How to Make Cabernet Sauvignon – Tips for the Micro-Winery

Cabernet Sauvignon is undoubtedly one of the world’s most beloved red wines. As a single variety and in blends, Cabernet Sauvignon has gained fame in Bordeaux and California, and around the world. Wines made from Cabernet Sauvignon are often dark, aromatic, tannic, and they can typically age well. It’s for these and several other reasons that I include Cabernet Sauvignon in my own wine program.

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Cabernet Sauvignon can be made in a variety of ways. From the lightly fruity and herby, vegetal style grown in cooler climates to a fruit and tannin-driven style grown in hot climates, Cabernet Sauvignon’s range is wide. A lot of Cabernet Sauvignon’s potential is the result of its cross-breeding. Cabernet Sauvignon has been proven to be a cross of Cabernet Franc and Sauvignon Blanc. This parentage is credited with the display of ‘varietal typicity’ found in wines made with Cabernet Sauvignon. 


One of the most discussed concepts in winemaking is terroir. Terroir is academically tied to the environment surrounding the vineyard, but there are a dizzying number of specifics that broaden the basics of the theory. Cabernet Sauvignon both benefits and suffers greatly from the terroir in which it is grown and the way it is made.

For more than 25 years, The California Wine Club founders Bruce and Pam Boring have explored all corners of California’s wine country to find award-winning, handcrafted wine to share with the world. Each month, the club features a different small family winery and hand selects two of their best wines for members.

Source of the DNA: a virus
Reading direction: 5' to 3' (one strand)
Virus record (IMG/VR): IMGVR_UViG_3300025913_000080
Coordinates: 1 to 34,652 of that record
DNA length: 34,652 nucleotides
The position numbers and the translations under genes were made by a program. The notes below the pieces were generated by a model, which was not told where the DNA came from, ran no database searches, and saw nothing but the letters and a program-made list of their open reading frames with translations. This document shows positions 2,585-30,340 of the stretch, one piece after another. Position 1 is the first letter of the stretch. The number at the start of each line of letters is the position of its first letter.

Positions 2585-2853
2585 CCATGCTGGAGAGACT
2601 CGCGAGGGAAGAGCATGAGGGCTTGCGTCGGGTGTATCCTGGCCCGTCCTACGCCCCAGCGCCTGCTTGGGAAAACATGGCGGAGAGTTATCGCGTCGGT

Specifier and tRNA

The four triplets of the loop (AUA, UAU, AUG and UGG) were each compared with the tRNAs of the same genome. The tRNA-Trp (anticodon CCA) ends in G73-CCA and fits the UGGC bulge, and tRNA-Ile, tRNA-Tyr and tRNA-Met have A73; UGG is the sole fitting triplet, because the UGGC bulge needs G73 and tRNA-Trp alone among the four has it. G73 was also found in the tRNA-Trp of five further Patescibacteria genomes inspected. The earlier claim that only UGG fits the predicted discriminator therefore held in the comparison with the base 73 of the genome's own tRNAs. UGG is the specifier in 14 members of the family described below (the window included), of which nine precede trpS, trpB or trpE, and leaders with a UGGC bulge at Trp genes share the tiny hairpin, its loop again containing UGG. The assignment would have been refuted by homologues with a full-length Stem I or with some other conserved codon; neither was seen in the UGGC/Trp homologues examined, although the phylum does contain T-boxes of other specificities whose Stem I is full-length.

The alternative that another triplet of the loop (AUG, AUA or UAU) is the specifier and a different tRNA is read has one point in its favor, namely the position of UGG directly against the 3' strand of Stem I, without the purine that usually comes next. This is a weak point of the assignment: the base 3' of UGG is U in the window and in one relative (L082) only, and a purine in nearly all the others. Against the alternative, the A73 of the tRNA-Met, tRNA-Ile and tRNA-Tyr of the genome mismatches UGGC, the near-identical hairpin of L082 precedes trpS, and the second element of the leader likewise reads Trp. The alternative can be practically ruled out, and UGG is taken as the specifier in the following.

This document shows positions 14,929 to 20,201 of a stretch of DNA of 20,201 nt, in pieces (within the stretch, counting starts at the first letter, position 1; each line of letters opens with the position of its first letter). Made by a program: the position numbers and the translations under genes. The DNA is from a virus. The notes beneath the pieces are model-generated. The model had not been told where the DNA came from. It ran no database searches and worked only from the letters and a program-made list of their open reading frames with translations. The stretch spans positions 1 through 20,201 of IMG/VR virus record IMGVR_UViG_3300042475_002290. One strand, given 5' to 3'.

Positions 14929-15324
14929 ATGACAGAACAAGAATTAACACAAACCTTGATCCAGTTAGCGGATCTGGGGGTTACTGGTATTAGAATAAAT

The best Cabernet Sauvignon can be found in warm, sunny climates, in vineyards with good drainage. Warmth allows for an even and well-balanced growing season; sunlight helps break down pyrazines as the plant ripens the fruit clusters; good drainage forces the plant to follow the water source deeper and deeper into the subsoil which can result in smaller, more concentrated grape berries. 

Cabernet Sauvignon is one of the most terroir-focused varieties currently being made. I say this because Cabernet Sauvignon grown in a cool climate with limited amounts of sunlight and plentiful water sources can feature Sauvignon (Blanc) characteristics – acidic, grassy and wild.  Known for being one of the biggest, most noble red wine varieties, you could see where white wine characteristic like bell peppers and other vegetables would not be considered an asset.

The best Cabernet Sauvignons lean toward flavors of currant, blueberry, black cherry, cola and cocoa. They are not thin and acidic; they are firm, rich and tannic. They can be enjoyed when young, but often benefit from extended aging. It is largely due to the terroir where Cabernet Sauvignon is grown which effects the final quality of the wine. There are things a winemaker can do to navigate a less-than-ideal terroir, but ultimately it is the natural environment that dictates the quality of the fruit that arrives at the winery.

In The Vineyard

Just as we are the product of our environment, we are also a product of our parentage. Because Cabernet Sauvignon is a hybridization of a white wine vine and a red wine vine, it can feature one or the other or even both of its genetic lineages. This is a part of Cabernet Sauvignon’s charm. The grape can display an array of qualities. How those characters appear on stage / in your glass depends heavily on the way it is grown.

Deep, rich and intense red fruit characters are featured when the vine has a lower canopy-to-fruit ratio (less canopy = less vegetation). Because of its genetic makeup, Cabernet Sauvignon wants to throw a lot of canopy. It is therefore important to prune the vine to suit your wine program.  Speaking with the vineyard manager can help you decide what works for you both. In my opinion, 2-to-3 tons per acre is a sweet point for Cabernet Sauvignon.